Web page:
Rhodes Review: What made you want to write this book?

Donna Fasano: I had never read a novel where the characters are divorcing in the beginning, and we see the whys and hows of the situation. I knew the beginning and the ending of this book when I started, but I had no idea how the characters were going to take me there. It was a fun book to write.

Rhodes Review: Are there any appearances/conventions you’d like to announce to our readers?

Donna Fasano: I have no appearances scheduled at the moment as personal issues are keeping me close to home for now.

Donna Thank you for joining us here at Rhodes Review. You can read our review of The Merry Go Round at here.


The Thyssen Affair – Mozelle Richardson

Tuesday, August 10th, 2010

 

Paperback: 288 pages
Publisher: Mountain West Publishing; December 21, 2009
Language: English
ISBN-10: 1616582448
ISBN-13: 978-1616582449
Order from here:
amazon
 
 
 

Characters:

Canyon “Cane” Eliot – CIA Agent
Peter Landis – Cane’s Handler/Supervisor
The Skull of Major Heinrich Friedrich August von Stober
Anya Vasilievna Petrovna – KGB Agent
Magan Ben-Yanai – Mossad Agent

Synopsis:

The time is the 1980s. In Oklahoma, a skull is dug up from a Nazi POW cemetary. The Russsians manage to steal the skull from those who uncovered it. However, the Russians get a fake. The CIA has the original. Canyon Eliot is pulled out of retirement to do one more mission. Find out why the Russian’s wanted this skull. The idea is, if the Russians want it, then we do too. Cane’s adventures continually cross paths with the sexy Russian KGB Agent Anya and the Mossad Agent Magan Ben-Yanai. Cane’s adventure takes him from his ranch in Colorado, to Oklahoma to Germany, Italy and Russia. Along the way some people will die, there will be avalanches, gun battles and car chases. Each location will put another piece of the puzzle into who was Major Von Stober and what is so important about his skull.

Review:

This was a fun story. The agents seemed real. They had personal problems, and personal motivations for their actions. There were constant cliffhangers in which you wondered not if, but how Cane would get out of it. The style of this spy thriller would along the lines of John LeCarre more so than Ian Fleming. There were no pens that shot death rays, or cars that went underwater. Everything stuck to what the technologies were in the 1980s.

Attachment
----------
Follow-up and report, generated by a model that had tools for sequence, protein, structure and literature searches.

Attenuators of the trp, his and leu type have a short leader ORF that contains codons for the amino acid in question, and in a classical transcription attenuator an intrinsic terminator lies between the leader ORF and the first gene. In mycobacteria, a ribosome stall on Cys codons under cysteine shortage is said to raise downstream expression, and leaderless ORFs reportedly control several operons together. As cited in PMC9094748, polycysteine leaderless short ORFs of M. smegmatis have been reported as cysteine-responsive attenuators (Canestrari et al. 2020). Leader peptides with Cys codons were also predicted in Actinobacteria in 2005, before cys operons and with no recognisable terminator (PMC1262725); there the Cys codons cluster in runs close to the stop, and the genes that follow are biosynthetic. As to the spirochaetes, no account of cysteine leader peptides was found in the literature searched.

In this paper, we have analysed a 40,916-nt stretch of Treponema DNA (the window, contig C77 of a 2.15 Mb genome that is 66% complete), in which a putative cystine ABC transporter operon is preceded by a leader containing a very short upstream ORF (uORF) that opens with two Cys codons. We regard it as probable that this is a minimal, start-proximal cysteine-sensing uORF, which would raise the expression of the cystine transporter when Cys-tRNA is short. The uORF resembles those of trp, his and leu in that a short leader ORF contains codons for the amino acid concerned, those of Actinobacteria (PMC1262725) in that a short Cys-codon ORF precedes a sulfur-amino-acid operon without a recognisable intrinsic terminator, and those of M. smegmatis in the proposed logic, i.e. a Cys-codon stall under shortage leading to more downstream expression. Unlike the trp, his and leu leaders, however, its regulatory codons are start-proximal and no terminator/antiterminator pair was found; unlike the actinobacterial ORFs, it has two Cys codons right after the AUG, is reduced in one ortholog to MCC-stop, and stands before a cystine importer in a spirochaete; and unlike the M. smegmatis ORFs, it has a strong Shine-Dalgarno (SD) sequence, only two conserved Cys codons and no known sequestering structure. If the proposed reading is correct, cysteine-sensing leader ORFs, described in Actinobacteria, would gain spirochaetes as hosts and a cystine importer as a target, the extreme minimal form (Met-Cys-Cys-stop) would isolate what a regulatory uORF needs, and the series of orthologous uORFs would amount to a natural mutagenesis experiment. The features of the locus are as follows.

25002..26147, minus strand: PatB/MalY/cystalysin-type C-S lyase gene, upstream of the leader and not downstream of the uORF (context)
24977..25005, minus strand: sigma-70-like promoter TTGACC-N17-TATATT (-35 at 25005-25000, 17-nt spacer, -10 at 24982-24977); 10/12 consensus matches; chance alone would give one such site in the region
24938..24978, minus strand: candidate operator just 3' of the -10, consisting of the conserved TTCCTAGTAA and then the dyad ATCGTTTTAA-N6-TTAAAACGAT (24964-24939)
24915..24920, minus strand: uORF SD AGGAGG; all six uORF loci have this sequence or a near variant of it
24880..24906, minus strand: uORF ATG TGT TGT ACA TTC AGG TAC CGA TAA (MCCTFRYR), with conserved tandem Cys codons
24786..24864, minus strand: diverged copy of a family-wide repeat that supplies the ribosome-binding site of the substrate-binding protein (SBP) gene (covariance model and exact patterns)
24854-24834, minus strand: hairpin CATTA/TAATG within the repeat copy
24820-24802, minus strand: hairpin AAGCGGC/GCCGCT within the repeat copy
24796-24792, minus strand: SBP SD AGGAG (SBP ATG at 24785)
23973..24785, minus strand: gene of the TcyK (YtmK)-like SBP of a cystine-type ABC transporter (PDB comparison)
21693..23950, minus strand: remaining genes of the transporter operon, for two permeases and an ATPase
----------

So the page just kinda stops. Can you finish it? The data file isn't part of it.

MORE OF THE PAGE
Like a lot of novels, it starts a little slow in the beginning, but when it gets to Germany, it picks up. I liked the characters in this book. Each had their own motivation for doing what they did, and for wanting the secrets of the skull. Even Magan who was probably the least developed character seemd to be realistic and I could understand and empathize with him.

If you’re into good, adventurous spy novels without all the fancy gadgets, then pick this up. I think you’d enjoy it. I certainly did, and I wouldn’t mind reading about these characters further.

See our interview with Mrs. Richardson here

About The Author:

Mozelle Groner Richardson was born in Texas. She and her husband W. T. (Dub) raised their four children in Oklahoma city. She now calls Santa Fe home and her favorite activitity is traveling the by-ways of New Mexico with Friends. At 90 years old, in 2004, she made the Guinness Book of World Records as the Old Person to ever graduate college. She received her degree in Journalism from the University of Oklahoma. She held that record until 2007.

*Disclaimer* A special thanks goes out to Rebecca at The Cadence Group fo a review copy of this book.

You can discuss it here or join my facebook page and discuss it there.


Interview – Mozelle Richardson – The Thyssen Affair

Tuesday, August 10th, 2010

Today Rhodes Review is proud to present an interview with Mozelle Richardson, author of the spy thriller The Thyssen Affair.

Rhodes Review: Who are some of the writers you enjoy? Books?

Mozelle Richardson: I started writing in the 60’s and loved Mary Stuart. Any of her books influenced me. Until the Spy story brought me into contact with Ken Follett, Arthur Hailey,James Clavell, Jack Higgins, Jeffrey Archer.